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Born in Italy

Born in Italy

It is never enough just to sell wine, especially the first time …

Rather it is to observe people, to open a dialogue, to understand how they live and feel the distance and proximity in respect to us, understanding that we are another culture and have another way of seeing the world.

Understanding then if there is a common vision and to learn from these differences and similarities.

Every journey is in itself a form of development – all things considered – and if so you have managed to make it clear who you are and what value your wine has, you have surely taken a piece of Romagna with you and you have shared it with others.

I have been travelling for more than ten years and I understand how far yet how close Romagna is to me, the land in which my family was born and where we grew up. Full of contradictions and beauty.

Every country has a dialect and a different way of understanding its own territory. On one of these trips which we will be documenting in this blog, something exceptional happened to me.


I am Romagnolo ( I came from Romagna), I speak Italian, sometimes dialect with my mother and my brother… I manage to speak German quite well and English – travelling – I speak often.

Sometimes though, words unlike gestures and wine are cumbersome, they don’t flow. Let alone when you have to deal with an oriental culture.

I am at the table with an important Chinese man ( an importer), we talk about places, about my family and Italy in general, which for his culture is seen as a beautiful and prosperous paradise.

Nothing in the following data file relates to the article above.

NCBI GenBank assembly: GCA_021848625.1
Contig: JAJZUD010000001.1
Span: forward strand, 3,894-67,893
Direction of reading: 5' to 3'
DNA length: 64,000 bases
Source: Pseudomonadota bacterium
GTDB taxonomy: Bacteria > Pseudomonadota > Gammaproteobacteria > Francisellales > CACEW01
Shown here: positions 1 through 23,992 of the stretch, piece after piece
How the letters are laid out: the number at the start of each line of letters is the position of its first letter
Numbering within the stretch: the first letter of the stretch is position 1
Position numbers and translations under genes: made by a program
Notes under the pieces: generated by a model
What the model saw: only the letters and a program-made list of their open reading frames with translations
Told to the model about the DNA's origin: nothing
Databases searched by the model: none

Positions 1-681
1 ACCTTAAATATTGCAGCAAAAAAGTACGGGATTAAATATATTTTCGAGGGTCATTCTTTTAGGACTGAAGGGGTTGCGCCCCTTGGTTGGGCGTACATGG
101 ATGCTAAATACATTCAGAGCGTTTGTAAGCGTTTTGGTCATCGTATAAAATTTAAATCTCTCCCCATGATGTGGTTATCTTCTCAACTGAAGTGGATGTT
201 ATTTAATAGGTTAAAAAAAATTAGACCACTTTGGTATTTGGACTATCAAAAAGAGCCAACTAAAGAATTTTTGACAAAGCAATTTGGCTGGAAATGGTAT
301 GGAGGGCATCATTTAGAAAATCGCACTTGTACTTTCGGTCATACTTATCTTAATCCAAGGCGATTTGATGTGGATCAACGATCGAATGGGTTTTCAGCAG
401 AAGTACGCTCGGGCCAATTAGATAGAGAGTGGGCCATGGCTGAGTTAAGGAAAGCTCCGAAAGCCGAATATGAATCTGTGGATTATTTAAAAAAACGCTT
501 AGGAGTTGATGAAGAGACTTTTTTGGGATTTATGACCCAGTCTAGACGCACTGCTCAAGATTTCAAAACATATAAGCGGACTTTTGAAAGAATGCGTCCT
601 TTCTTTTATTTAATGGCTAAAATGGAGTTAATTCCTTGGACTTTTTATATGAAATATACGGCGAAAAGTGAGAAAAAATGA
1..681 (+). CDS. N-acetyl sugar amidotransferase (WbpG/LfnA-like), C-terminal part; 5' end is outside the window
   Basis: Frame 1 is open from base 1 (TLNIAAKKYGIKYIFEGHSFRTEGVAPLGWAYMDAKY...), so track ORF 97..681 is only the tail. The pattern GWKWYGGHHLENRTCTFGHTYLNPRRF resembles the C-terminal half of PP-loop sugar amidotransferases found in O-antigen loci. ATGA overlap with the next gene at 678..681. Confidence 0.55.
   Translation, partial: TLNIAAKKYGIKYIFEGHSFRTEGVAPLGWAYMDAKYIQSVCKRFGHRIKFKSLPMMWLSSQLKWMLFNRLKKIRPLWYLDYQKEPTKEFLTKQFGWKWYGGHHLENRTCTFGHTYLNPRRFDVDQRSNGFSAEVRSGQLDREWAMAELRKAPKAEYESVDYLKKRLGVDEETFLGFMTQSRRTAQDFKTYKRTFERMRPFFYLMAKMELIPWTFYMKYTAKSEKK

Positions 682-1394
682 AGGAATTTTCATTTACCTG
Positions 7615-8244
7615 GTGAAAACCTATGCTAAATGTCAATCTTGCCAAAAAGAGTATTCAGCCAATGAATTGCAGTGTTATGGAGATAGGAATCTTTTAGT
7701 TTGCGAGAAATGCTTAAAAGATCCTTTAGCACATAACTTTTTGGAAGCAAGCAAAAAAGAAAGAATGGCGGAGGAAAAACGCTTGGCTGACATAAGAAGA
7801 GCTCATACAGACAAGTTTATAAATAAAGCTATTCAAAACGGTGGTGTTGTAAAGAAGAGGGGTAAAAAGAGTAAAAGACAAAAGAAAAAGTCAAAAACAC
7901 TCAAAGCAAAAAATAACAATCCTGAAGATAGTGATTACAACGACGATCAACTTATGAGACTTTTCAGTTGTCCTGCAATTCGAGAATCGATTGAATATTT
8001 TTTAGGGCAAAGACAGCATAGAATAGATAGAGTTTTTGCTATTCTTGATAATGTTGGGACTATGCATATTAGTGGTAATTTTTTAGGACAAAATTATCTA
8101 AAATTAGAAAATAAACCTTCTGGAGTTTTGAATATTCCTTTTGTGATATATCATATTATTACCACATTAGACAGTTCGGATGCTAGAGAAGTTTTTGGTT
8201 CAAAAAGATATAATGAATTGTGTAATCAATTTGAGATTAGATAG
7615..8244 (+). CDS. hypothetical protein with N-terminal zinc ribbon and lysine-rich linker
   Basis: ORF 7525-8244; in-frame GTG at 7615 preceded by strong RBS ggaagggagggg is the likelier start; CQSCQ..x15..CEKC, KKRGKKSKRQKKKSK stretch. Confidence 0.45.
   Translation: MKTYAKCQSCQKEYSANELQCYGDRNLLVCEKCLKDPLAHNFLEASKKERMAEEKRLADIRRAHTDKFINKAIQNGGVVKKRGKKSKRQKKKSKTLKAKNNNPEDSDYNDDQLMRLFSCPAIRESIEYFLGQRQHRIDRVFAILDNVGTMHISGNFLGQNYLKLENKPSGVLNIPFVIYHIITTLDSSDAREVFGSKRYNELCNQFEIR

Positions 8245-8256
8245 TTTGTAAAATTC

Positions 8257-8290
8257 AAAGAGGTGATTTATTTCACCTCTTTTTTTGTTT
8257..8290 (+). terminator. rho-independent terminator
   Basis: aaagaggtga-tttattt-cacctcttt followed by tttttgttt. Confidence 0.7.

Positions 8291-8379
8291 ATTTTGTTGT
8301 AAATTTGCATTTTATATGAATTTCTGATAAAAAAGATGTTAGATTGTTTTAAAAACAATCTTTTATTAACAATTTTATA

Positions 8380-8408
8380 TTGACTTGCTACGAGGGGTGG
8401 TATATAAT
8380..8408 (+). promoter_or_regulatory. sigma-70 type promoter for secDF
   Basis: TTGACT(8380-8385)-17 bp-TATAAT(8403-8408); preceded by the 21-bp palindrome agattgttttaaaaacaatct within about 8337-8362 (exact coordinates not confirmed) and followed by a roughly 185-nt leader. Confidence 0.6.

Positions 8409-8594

At a certain point the importer focuses on the concept of MADE IN ITALY … yes, that ‘made in Italy’ seen through their eyes, where a product so defined – in reality – is made mostly in China … we’re not talking wine now, we are talking generally, we are talking about textiles, furniture, perhaps the life and vision of the world … without going into a philosophical discussion, in other words.

In a peaceful way he tries to make me understand that made in “Italy” is overseas as well, ( from China) he couldn’t distinguish which part of our homeland was ours and which was his.

If he intended to explain the concept of globalization in two words, he succeeded.

I smiled, he also smiled … only at that point I had an urge to tell him that anyway I am not half made in Italy and half in China and neither is he and above all the wine which we were drinking was grown in my land, lives in my land, first of all in my soil, then bottled on my estate and then it arrives there in China… after having flown for 13 hours, with 4 stopovers and going through two border controls.

So then I take my pen and in an awkwardly I draw the boot of Italy and I say: Here! And then I add Born In Italy, from top to toe!

He laughs and we do business.

The matter did not end there. That night I didn’t sleep well, It often happens when I am travelling and meet new people, and I get emotional.

I tell myself that this thing ‘BORN IN ITALY’, this sense of belonging to a place, to be exactly how we are – even though sometimes mistakes can be made – is a great thing.

Therefore as we are, from the place where we come from and how we have grown.